I watched this with my brother and sister-in-law. I kept falling asleep and yet not missing anything. Also, pretty much plotted out the course of the movie after the first third. In fact, I didn't actually get to finish it with them, but I don't feel like I ever need to finish it. Sure, the visuals were stunning, but that is not enough to get me to watch it again. Unless I'm suffering from insomnia.

The A-Team
As a child, my favorite non-cartoon shows were Knight Rider and The A-Team. I LOVED these shows and seriously thought owning a black van and a Trans Am were the height of adult attainment. So I was a bit skeptical when I first heard about The A-Team movie. Then they did things like cast Bradley Cooper and Liam Neeson in it and I had to go see it. Which I did. First of all, watching it made me feel like a kid again, that feeling of excitement and enthrallment when you get wrapped up in a show that you aren't quite sure isn't real. I got to be seven again, which is a wonderful feeling. Secondly, the casting was pretty much perfect and the plot managed to just barely stay on the acceptable side of the crazy line. The only moment of disbelief I couldn't willingly suspend (and this movie requires a good bit of suspension of disbelief) was the fact that Jessica Biel's character - a military officer tasked with enforcing law and ensuring justice - wore 4-inch stilettos during most of the movie. Which is insane. If you liked the show as a kid, definitely go see it. It will make you feel like a kid again - in a good way. Also, stay til the very end of the credits.

Hamlet (2009)
Even casual readers of this blog know I love David Tennant. In 2007 when it was announced that he would be doing Hamlet for the RSC, I was ecstatic and wanted to go to England to see it on stage. I started graduate school instead. However, the RSC and the cast nicely filmed an adaptation of their staging of the play, which I bought at Target in the spring and finally got around to watching. Now, I love the play. I find the whole discussion of grief and sanity fascinating. I thought Kenneth Branagh's 1996 adaptation was gorgeous. I still think that. However, David Tennant's Hamlet is so very engaging. I don't know that I have seen an adaptation that let the actor portraying Hamlet play so very much with the question of his own sanity. The introspection and exhaustion that follow grief and trauma is readily apparent and I loved it. Patrick Stewart is, of course, marvelous as Claudius and the supporting cast is fantastic as well. If you are a fan of the play, David Tennant, Patrick Stewart, or anything Shakespeare do check out this adaptation. It will be 3+ hours well spent.

Lars and the Real Girl
It is really impossible to describe this movie in any coherent way. It is about a community coming together to help one of it's own. It is about the human capacity for love. It makes you take stock of your own attitudes toward humanity. I watched the whole thing on tenterhooks, expecting cruelty and horridness in ever new scene when all the movie offered was kindness and love. Which made me think about what that said about me. I highly recommend checking this sweet movie about a man struggling through traumas from his past and present and how people around him show that they care and love him. It will make your day.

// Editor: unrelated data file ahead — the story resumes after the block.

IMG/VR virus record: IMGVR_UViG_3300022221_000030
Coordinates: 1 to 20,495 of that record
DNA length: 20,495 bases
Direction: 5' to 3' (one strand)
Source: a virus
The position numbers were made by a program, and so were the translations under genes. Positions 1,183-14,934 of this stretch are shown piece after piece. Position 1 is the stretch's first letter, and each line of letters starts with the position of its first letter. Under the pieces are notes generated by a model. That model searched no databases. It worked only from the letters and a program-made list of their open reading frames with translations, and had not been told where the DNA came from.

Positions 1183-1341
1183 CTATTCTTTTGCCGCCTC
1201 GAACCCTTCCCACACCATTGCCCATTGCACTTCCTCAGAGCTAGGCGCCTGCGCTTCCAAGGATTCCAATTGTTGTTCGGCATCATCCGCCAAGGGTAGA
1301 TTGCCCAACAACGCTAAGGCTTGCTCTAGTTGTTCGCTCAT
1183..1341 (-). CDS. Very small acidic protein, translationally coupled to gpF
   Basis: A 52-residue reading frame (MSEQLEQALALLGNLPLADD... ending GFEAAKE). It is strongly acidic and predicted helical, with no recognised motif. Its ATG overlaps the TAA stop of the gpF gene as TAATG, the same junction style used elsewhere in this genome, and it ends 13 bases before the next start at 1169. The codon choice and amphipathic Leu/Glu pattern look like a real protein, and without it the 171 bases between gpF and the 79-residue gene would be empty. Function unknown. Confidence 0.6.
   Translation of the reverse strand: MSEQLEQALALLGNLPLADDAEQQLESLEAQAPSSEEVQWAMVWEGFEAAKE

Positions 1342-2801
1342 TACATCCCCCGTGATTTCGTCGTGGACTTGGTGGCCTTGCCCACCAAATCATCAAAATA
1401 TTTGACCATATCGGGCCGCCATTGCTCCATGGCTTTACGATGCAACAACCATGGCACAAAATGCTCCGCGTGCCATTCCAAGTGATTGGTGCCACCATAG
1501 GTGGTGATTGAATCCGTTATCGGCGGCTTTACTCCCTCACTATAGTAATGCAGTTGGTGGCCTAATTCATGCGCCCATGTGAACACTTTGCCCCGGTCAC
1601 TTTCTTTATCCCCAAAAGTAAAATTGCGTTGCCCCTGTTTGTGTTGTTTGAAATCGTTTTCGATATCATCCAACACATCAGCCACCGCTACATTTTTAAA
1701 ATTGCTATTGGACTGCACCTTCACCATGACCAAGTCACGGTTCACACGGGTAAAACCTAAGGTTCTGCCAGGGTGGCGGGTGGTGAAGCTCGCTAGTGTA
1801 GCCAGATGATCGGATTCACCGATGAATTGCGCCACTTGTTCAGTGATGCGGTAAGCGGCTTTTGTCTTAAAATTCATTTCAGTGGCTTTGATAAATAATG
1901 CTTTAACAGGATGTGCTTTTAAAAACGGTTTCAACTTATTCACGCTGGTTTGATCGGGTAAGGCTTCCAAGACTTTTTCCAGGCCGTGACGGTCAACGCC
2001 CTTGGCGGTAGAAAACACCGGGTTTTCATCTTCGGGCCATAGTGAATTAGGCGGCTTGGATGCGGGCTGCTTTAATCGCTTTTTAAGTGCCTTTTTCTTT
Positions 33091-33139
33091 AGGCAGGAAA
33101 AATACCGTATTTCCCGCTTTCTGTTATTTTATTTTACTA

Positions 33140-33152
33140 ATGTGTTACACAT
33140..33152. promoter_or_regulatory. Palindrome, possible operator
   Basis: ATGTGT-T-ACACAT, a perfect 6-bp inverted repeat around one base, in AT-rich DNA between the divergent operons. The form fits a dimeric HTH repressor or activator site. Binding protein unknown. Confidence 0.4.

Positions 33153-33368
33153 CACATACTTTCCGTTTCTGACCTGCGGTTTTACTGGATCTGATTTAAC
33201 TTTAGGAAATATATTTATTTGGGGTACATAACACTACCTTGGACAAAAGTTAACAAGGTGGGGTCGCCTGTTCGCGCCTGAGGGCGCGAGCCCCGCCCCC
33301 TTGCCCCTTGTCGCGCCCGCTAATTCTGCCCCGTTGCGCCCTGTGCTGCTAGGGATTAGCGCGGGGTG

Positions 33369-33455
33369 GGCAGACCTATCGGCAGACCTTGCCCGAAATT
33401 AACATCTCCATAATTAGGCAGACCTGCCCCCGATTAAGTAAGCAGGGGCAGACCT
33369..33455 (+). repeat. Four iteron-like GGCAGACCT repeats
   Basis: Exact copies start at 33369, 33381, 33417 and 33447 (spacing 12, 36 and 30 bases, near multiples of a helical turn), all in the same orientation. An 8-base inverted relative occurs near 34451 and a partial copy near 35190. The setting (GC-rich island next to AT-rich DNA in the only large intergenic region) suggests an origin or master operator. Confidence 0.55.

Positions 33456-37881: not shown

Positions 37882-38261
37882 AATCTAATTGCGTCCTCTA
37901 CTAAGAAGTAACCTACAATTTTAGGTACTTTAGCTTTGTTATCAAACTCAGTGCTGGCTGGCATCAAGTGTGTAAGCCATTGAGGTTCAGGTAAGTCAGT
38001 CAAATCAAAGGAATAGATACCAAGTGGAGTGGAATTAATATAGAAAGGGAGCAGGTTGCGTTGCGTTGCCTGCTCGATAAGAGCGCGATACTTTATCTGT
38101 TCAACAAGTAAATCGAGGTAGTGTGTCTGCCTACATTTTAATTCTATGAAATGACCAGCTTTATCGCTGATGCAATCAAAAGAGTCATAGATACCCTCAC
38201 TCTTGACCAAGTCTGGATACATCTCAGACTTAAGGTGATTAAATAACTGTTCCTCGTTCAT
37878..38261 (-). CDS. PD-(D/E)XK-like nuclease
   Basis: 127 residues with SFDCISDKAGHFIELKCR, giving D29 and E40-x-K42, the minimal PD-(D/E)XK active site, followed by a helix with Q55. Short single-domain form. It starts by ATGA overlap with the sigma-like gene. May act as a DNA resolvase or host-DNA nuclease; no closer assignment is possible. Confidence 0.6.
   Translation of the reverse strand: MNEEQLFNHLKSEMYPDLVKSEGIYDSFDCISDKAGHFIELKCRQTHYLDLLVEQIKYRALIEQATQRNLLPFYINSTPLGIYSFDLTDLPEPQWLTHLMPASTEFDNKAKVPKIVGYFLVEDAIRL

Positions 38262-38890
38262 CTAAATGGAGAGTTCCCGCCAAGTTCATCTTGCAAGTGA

American Teen
This is billed as a documentary, which it is. Sort of. It is about actual high school seniors in Indiana. The kids are real, the school is real, the situations are real. However, it is highly edited to present a certain narrative. One could argue that most documentaries are edited down to present a narrative. But, this seems to want to keep the kids in simple categories for most of the film and glosses over complexities that would have made the film far more powerful and interesting. The students aren't necessarily shown as their true selves, but rather examples of generalized types. Some small moments in the film hint that each student is more than who they are presented as and who they present themselves as, but they are rare, almost as if they were forgotten pieces of greater stories that ended up on the cutting room floor.  Also, in this post-reality television world when kids are brought up with shows like The Hills, is it even possible for them to be their true selves when being followed by a camera? Being observed heightens any situation and alters the way people behave. Oh, and be forewarned - the movie can be a trigger for any unresolved high school PTSD stuff you might have. 

The Proposal
I finally took the time to watch this movie. I don't really know why I didn't see this before now, as I enjoy both Sandra Bullock and Betty White, but I didn't. I enjoyed the movie, but I kind of wish the film had spent more time in character development rather than naked hijinks and the many talents of small town general store managers/caterers/strippers. I felt I should care about the main characters and that I would probably even like them if the were real people I knew, but there weren't enough reasons for me to care about the characters. Other than being portrayed by likable actors like Sandra Bullock and Ryan Reynolds. Frankly, I need a little more than that.